Chinese upstart startup smartphone company, Xiaomi, is expanding out of Asia – a first for this company which is China’s largest smartphone company with an estimated 12.5% market share according to IDC. Not bad for a company that’s only been around since 2010.
Xiaomi attributes its success to supply chain. According to a 2013 article from Want China Times, the company maintains close relations with its Taiwanese manufacturing partners such as Inventec and Hon Hai for assembly, Wintek, TPK for screen technology, and Unimicron for printed circuit boards and Taiwan Semiconductor Manufacturing for processors. In addition, Guangzhou’s Money Week magazine notes Xiaomi has more than 100 Chinese domestic suppliers with most from southern China, such as Lens Technology Co, Biel Crystal Manufactory, O-Film Tech, Sunlord Electronics, Sunwoda Electronics and Zowee.
Within the past year alone, Xiaomi has extended its Asian supply chain and products into Taiwan, Hong Kong, Singapore, Malaysia, Indonesia, the Philippines, and India.
With such a complex supply chain already in place, Xiaomi is now venturing into Brazil. According to IDC, Brazil’s smartphone sales have doubled since 2012 to an estimated 1.45m units for 2015. However, Brazil presents a unique situation for the Chinese company – a redesign of its supply chain. The Brazilian government heavily taxes electronics imports but provides tax breaks to manufacturers that assemble products and source components locally. As a result, Xiaomi has tapped its manufacturing partner, Hon Hai (Foxconn), to assemble devices in Brazil. Xiaomi will source some components locally while still importing remaining components.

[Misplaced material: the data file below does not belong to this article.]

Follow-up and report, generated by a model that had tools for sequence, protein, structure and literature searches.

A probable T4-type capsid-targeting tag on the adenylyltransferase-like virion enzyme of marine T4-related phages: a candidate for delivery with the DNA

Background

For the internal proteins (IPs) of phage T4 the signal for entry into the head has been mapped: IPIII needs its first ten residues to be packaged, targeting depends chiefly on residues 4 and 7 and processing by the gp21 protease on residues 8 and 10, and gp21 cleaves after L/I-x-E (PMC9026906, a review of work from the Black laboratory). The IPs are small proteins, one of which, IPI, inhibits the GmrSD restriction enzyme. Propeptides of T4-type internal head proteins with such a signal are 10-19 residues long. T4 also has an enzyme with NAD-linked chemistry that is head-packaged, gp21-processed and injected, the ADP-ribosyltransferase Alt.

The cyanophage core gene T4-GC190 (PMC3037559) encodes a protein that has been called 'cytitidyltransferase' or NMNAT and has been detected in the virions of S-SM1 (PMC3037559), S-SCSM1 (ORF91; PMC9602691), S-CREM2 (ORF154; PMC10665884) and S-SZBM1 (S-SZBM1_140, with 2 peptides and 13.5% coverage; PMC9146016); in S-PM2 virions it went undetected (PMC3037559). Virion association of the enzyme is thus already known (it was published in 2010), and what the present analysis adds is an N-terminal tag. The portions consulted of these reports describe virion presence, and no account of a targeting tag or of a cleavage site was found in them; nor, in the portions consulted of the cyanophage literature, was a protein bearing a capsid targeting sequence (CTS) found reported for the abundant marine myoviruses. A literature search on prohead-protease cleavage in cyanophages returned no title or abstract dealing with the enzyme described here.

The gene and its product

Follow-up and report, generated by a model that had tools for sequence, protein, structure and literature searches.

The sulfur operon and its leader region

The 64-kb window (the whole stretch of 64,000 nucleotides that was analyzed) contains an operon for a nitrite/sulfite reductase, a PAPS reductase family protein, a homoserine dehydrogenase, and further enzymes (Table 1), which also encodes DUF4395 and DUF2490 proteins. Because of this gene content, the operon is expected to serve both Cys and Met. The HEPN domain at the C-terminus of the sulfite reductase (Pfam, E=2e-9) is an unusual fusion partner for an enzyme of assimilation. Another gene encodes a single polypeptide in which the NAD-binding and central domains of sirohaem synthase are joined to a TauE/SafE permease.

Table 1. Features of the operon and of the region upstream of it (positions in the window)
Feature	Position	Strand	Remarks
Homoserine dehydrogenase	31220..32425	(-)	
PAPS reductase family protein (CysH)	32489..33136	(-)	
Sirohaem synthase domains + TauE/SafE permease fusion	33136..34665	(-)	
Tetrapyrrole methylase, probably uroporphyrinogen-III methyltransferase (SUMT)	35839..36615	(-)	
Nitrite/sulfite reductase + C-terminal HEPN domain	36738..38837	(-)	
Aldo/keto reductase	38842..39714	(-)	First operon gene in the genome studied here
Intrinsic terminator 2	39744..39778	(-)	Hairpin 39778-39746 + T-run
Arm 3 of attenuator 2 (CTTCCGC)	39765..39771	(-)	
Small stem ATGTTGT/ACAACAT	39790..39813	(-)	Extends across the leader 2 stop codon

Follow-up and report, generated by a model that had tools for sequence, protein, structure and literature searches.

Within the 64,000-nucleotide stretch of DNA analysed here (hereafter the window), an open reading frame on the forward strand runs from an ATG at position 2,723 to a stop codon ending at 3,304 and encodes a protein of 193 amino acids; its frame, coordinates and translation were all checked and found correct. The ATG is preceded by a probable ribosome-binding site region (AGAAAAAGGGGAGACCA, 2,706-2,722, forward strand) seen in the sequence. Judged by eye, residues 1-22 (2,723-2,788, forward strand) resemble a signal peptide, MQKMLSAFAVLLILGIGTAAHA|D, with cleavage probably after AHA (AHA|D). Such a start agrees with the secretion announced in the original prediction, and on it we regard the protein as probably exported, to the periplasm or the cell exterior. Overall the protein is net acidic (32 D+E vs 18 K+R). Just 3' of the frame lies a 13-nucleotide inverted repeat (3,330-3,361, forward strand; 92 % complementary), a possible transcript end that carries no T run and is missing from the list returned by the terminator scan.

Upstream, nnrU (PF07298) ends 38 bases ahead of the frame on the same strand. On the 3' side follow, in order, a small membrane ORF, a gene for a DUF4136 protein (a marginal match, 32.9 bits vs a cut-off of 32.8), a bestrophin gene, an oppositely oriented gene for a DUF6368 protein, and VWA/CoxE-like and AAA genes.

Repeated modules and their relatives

But Brazilian labour and parts are expensive and because Xiaomi is known for selling its smartphones at low prices it will be interesting to see if and when the company can turn a profit in this difficult country.
Beyond Brazil is a host of other countries in which Xiaomi plans to expand and extend its supply chain towards including Turkey, Russia and Mexico. According to some analysts, it is likely Xiaomi will focus on emerging markets due to the fact that consumers tend to be more price-sensitive. However, earlier this year, Xiaomi opened a somewhat limited online shop in the US to sell accessories such as headphones, battery packs and a fitness tracker. Perhaps this was done to test the American waters?
Xiaomi presents an additional option for consumers and businesses besides long time leaders such as Apple and Samsung. Emerging markets offer a vast opportunity in which companies such as Xiaomi can effectively compete and grab market share from the likes of Apple and Samsung which sell their products at a much higher price. The greater the competition the better for consumers in these markets, particularly as they increase their ability to become connected in the global e-commerce market.